On Monday Jul 19th, Brits celebrated “Freedom Day”, because of the nationwide lifting of all pandemic restrictions on daily life. This move will result in scrapping all social distancing throughout the country. However, some critics liken the move to a dangerous leap into the unknown.
The British government is in favour of restarting an economy damaged by a series of on-off lockdowns since March 2020. Therefore, Prime Minister Boris Johnson made a decision to lift all regulations on Jul 19th. This marks a new chapter in the global response to the coronavirus. Also, local media are describing this day as “Freedom Day”.
Nightclubs were able to reopen to resume business from midnight. Also, elsewhere, other indoor venues allowed to run at full capacity. Meanwhile, legal mandates covering working from home and the wearing of face masks were also scrapped.
However, Prime Minister Johnson urged the public to remain on guard. He also calls on those left behind to join the two-thirds of UK adults who are now fully vaccinated.
Ironically, the Prime Minister is currently self-isolating, after his Health Minister was infected.
Johnson defends the reopening of England
Johnson defends the decision to reopening, called “Freedom Day” by local media. This is despite grave apprehension by scientists. Britain topped 50,000 daily infection rates at the peak of the pandemic in the UK. At that time, only Indonesia and Brazil overtook Britain in this regard.
In a video message, Prime Minister Johnson said “If we don’t do it now, then we’ll be opening up in the autumn, the winter months, when the virus has the advantage of the cold weather.”
A “precious firebreak” is offered by this week’s start of the summer school holidays, according to Johnson.
“If we don’t do it now, we’ve got to ask ourselves, when will we ever do it?”
Britain leads the way
Johnson’s decision could influence other highly vaccinated countries’ approach to returning to normal. This however, can only happen if vaccines continue to prove effective. The vaccines must be able to reduce deaths and severe illness, even while infections reach record levels.
However, like everything else, the strategy has risks accompanying it. A new variant capable of resisting current vaccines could be the most notable risk. Such a situation may lead to a caseload that could grow so severe. It may even see the economy grinding to a halt again. Johnson, while bearing this in mind, has urged the public to take a cautious approach to the reopening.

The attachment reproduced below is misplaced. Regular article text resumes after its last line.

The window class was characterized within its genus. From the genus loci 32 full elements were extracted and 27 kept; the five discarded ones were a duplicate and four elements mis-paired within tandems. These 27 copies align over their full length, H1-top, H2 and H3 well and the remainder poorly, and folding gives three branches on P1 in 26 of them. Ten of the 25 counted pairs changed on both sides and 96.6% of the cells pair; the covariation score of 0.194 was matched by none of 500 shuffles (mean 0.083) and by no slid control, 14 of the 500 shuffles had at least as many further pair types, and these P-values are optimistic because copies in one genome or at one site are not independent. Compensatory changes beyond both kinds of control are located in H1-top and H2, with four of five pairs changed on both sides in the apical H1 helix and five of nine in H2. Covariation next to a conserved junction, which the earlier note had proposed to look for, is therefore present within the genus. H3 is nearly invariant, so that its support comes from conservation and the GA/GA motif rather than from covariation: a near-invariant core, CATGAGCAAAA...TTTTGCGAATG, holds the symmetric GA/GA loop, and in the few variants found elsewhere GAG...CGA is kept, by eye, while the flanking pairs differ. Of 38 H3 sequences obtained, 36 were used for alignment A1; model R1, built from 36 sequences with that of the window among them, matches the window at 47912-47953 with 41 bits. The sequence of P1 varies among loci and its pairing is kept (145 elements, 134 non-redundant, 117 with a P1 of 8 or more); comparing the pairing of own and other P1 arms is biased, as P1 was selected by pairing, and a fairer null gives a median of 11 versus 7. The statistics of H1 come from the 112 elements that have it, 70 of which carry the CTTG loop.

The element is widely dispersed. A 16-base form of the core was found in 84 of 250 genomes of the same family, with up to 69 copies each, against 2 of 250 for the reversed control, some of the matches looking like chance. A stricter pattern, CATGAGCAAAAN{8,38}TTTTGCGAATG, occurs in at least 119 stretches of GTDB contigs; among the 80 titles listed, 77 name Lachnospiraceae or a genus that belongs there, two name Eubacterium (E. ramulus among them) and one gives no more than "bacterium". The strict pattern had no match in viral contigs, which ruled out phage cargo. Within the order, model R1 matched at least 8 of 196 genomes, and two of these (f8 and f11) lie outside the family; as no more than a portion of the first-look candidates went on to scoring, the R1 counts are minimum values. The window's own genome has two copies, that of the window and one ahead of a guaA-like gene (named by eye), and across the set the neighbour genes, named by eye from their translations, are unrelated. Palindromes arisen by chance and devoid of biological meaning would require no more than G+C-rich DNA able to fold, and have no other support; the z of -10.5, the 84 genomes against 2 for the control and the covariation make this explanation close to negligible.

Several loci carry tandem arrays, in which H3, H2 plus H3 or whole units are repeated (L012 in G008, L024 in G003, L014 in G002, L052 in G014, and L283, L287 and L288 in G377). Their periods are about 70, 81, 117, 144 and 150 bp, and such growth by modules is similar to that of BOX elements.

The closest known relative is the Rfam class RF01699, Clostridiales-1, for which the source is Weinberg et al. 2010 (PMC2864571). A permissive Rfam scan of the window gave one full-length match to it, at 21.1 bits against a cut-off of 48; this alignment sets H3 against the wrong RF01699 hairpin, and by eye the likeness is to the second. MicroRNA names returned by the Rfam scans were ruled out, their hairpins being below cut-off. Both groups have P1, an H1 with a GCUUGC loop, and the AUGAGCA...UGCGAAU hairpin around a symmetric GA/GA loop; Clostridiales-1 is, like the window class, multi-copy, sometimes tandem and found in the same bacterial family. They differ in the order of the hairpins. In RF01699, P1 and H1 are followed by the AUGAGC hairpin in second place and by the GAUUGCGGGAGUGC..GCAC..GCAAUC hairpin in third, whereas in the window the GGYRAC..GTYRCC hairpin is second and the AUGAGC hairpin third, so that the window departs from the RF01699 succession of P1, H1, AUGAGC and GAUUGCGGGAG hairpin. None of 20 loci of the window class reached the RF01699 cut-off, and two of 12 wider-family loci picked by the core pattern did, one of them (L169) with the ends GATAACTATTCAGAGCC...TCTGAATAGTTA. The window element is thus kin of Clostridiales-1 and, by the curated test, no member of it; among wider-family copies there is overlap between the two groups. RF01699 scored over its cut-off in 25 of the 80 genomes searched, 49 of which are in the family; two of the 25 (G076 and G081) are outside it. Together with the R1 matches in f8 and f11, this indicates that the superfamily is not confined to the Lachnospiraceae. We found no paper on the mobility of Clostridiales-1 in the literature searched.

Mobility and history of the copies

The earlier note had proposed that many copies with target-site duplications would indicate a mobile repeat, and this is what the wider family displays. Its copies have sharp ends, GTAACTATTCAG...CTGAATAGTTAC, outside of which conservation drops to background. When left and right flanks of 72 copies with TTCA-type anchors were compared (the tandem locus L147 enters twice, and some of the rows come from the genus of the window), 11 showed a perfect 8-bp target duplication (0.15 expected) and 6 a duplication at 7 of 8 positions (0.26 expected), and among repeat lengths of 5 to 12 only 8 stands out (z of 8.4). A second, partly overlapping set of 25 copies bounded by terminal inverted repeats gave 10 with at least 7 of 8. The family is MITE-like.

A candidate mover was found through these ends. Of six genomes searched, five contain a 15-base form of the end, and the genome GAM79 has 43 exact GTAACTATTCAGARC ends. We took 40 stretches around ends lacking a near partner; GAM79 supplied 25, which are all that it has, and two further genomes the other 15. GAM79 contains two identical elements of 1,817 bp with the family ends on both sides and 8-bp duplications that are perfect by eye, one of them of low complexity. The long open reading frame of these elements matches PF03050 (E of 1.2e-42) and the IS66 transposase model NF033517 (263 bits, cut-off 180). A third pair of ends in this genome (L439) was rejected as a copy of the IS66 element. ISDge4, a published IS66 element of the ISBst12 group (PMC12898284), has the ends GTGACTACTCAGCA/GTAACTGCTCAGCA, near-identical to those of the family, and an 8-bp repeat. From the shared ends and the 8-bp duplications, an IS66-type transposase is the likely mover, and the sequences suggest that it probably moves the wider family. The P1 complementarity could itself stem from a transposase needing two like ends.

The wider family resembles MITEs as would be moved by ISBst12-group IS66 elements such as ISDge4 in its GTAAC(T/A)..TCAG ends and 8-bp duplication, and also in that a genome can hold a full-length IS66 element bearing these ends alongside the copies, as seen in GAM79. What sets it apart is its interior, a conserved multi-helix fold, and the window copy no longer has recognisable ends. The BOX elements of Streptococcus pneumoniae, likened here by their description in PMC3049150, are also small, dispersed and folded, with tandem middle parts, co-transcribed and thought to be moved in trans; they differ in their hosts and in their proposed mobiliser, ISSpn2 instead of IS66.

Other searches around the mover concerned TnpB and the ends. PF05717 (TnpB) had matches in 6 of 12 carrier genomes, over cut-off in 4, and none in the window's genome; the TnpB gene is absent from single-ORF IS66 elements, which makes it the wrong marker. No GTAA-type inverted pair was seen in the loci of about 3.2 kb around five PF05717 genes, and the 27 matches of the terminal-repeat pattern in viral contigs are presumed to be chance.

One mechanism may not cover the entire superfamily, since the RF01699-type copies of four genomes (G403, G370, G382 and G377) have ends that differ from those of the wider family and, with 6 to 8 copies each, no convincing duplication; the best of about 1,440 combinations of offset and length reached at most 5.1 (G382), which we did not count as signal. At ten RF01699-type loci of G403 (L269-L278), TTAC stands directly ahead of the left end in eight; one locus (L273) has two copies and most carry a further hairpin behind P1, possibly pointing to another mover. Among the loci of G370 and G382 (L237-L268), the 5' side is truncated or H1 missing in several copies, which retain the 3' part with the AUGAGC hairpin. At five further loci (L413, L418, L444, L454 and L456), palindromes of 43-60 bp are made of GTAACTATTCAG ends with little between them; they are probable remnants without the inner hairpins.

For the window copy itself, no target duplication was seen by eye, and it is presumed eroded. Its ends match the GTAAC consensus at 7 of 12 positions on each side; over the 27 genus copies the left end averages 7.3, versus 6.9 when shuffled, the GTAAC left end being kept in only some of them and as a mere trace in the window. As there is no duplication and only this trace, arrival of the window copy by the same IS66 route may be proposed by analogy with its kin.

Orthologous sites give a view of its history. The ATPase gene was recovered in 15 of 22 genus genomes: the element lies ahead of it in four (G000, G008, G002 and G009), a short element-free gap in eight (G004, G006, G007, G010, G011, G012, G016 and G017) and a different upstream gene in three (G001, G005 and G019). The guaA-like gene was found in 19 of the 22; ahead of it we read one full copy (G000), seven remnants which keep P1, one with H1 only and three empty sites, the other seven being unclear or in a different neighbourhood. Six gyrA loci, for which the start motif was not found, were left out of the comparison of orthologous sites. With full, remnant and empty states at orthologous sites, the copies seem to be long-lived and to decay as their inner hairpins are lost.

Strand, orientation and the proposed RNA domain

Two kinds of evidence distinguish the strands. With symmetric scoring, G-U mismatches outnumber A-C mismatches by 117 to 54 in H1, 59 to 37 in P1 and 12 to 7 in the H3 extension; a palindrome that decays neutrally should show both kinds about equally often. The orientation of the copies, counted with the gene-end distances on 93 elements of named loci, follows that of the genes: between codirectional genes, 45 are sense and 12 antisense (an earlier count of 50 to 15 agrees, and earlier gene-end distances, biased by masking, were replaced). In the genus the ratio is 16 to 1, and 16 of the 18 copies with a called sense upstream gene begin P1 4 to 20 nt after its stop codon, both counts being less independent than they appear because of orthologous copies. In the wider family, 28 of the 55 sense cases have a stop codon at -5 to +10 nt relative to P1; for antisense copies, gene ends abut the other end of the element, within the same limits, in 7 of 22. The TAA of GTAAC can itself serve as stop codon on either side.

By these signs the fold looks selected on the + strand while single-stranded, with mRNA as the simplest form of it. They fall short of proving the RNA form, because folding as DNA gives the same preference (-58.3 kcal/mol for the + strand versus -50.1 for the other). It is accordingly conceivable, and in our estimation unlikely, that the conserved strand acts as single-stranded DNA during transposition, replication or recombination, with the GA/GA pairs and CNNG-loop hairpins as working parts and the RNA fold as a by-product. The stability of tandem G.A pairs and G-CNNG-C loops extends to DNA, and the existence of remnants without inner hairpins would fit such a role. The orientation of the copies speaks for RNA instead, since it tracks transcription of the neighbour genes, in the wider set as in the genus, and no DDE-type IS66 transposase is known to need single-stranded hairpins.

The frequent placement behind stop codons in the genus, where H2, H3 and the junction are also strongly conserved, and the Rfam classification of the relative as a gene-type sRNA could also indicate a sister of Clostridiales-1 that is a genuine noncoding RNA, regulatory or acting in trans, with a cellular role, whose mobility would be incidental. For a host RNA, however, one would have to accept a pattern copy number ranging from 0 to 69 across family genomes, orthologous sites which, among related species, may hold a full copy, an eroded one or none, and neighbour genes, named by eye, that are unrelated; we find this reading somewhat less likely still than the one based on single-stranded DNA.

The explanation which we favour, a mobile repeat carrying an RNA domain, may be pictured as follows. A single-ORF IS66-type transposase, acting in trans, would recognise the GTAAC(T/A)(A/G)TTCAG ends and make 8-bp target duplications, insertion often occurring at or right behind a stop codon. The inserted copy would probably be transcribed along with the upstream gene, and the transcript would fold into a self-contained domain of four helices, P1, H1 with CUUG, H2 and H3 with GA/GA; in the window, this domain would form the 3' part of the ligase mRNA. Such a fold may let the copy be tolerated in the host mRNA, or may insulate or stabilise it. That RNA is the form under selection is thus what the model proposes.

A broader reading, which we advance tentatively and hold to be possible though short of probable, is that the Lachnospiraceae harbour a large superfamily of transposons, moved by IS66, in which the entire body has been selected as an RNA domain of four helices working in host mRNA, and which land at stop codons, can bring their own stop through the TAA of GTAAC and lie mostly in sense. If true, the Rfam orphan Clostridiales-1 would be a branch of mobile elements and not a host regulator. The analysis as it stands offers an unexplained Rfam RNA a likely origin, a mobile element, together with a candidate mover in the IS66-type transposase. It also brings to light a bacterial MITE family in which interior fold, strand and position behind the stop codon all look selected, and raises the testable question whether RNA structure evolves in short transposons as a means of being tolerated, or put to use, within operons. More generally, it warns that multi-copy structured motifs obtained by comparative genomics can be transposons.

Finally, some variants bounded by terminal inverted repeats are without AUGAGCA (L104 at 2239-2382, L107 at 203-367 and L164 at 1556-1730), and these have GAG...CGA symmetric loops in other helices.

“This is the right moment but we’ve got to do it cautiously. We’ve got to remember that this virus is sadly still out there.”
In world statistics, Britain has the seventh highest death toll at 128,708. Scientists forecast a higher daily infection rate very soon, compared to the peak of the second COVID-19 wave earlier this year. There were 48,161 new cases reported on Sunday. The current daily death tolls are at around 40 per day. The figure is just a fraction of a peak of above 1,800 deaths in January.
Over 68 percent of Britain’s adult population have had the two doses, which provides more protection. A total of nearly 87 percent of all Brits have had one vaccination dose. As such, Britain outstrips its European peers in vaccinating its population.
For England, the British government headed by Prime Minister Johnson set COVID-19 restrictions. The devolved administrations in Wales, Scotland and Northern Ireland however, can make their own policy.
Aim of “Freedom Day”
From being one of the advanced economies in the world, Britain suffered one major hit from the pandemic. Therefore, the aim of “Freedom Day” is to speed up its ailing economy.
Possible boomerang effect
However, “Freedom Day” could backfire with serious consequences. The soaring number of infections running into the thousands, may force hundreds of thousands of workers to self-isolate. It is not just infected people who must isolate, but also those who have come in close contact with them.
Such a scenario will cause severe staff shortages, and cripple essential services such as public transportation. Businesses will be forced to close yet again, and Britain may possibly have yet another lockdown.
19th July 2021 23:00
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